• Is the Chilean military preparing for a new computer game: War of the Pacific: Part II?
• Bachelet administration unwilling, or organically incapable of restraining unnecessary transactions
• Chile’s neighbors turn to emphasizing social and economic reform as they face looming shortfalls and severe social unrest; meanwhile, Chile’s near autonomous armed forces go on weapons shopping spree
• In recent years, Chile’s military has purchased jets, ships and tanks, but for what aim?
Despite the fact that Chile has not engaged in a conflict with another state since the War of the Pacific in the late nineteenth century, the Chilean military has been carrying out aggressive weapons purchases in recent years. Long known for having an almost semi-autonomous military force, Chile, in recent years, has spent hundreds of millions of dollars to upgrade its armed forces, transforming them into the most consequential military establishment in the subcontinent.
From a practical point of view, the country is not facing any conceivable external military threat. The wide range of military purchases over the past few years demonstrates that the previous Socialist-led administrations of Ricardo Lagos as well as the current one of President Michelle Bachelet, for all their leftist rhetoric, are reluctant to confront the country’s powerful military establishment over how it should spend its budget, and would far rather appease it. This customary appeasement only makes Chile’s military aggressive and demanding, if not belligerent, as it faces its neighbors, but it also illuminates the inherent timorous nature of civilian rule in Santiago, vis-à-vis its voracious uniform services.
Charge It To This Copper Credit Card
Since around 2000, the Chilean military has gone on a buying spree, spending $2.8 billion for weapons, ostensibly to modernize its old and obsolete equipment. The purchases, which have led to expressions of alarm in neighboring Argentina, Peru and Bolivia, include 10 Lockheed Martin F-16 fighter planes acquired from the United States, 18 second-hand similar warplanes from the Netherlands, frigates, two submarines and 118 Leopard IIA4 tanks from Germany.
On January 31, 2006, it was reported that Chile had originally announced its intent regarding the F-16s in 2002 upon the conclusion of the 20-year ban on the U.S. export of high-tech weaponry to Latin America. The F-16s are not equipped with advanced air-to-air missiles in keeping with a U.S. policy against introducing new military technology to the region. Authorities did not say the type and manufacturer of the missiles the planes will eventually carry. Also, there have been rumors that Chile (in addition to the Philippines, Mexico and Paraguay), has shown interest in purchasing F-5E warplanes from Taiwan.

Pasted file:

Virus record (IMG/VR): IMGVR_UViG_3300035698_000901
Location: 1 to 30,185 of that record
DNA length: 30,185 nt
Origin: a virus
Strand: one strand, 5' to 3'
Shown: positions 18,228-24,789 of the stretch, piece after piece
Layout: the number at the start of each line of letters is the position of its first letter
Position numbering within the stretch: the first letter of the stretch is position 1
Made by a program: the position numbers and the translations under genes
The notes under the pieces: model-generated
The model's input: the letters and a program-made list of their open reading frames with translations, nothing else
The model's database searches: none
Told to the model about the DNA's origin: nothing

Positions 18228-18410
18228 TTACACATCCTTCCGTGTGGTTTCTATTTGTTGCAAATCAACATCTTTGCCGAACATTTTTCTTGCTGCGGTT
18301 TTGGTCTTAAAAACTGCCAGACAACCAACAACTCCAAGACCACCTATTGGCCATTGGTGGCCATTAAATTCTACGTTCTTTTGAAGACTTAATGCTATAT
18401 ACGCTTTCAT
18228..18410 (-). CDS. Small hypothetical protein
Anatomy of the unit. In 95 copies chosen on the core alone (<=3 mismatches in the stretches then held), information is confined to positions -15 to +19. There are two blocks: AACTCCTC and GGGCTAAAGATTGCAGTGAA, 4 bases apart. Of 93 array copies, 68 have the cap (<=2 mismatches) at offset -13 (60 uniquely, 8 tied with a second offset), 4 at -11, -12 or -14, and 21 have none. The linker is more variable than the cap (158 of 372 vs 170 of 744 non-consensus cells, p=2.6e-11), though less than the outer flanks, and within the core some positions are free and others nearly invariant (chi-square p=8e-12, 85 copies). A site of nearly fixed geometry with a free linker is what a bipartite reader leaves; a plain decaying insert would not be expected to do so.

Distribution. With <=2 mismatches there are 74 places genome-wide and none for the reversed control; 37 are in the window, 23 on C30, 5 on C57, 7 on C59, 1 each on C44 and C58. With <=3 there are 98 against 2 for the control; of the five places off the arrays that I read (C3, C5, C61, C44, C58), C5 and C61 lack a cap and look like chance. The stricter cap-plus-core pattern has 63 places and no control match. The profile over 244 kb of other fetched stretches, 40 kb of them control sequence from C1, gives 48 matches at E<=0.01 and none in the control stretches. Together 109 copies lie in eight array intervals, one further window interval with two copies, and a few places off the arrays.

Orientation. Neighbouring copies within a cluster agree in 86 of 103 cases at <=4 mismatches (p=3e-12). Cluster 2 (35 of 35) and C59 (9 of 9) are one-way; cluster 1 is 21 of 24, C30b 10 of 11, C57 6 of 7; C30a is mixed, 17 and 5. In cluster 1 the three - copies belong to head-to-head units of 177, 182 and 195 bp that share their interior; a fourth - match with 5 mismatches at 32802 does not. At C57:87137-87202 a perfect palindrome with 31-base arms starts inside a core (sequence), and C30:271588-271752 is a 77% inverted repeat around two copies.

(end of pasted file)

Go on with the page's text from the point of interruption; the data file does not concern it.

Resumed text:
Regarding its navy, Chile has purchased eight frigates from Holland and Britain (four from each). On August 1st, there was a ceremony in Valparaiso where the Chilean navy officially took command of the former Dutch frigate now under the name of Almirante Riveros. In attendance at the ceremony were important dignitaries such as Chilean Defense Minister Jose Goñi Carrasco, the Commander of the Chilean Navy Admiral Rodolfo Codina Diaz and the Commander of the Royal Dutch Navy, Vice-Admiral Jan Willem Kelder. The three remaining Dutch-purchased, and now being refurbished, frigates are the Blanco Encalada, Almirante Latorre and Capitán Prat. According to reports, the Almirante Riveros, under Captain Ronald McIntyre Astorga, rumored to make 30 knots, is fueled by a mix of gas and diesel and is equipped with surface-to-surface Harpoon missiles and surface-to-air Sea Sparrows. The Chilean navy also purchased frigates from the British Royal Navy, the first of which- the former HMS Sheffield- has now been renamed Admiral Williams. Santiago is waiting for the delivery of three others, the future Cochrane, Lynch and Condell. In addition, it is expecting the delivery of two new Scorpene submarines built by a Spanish-French consortium.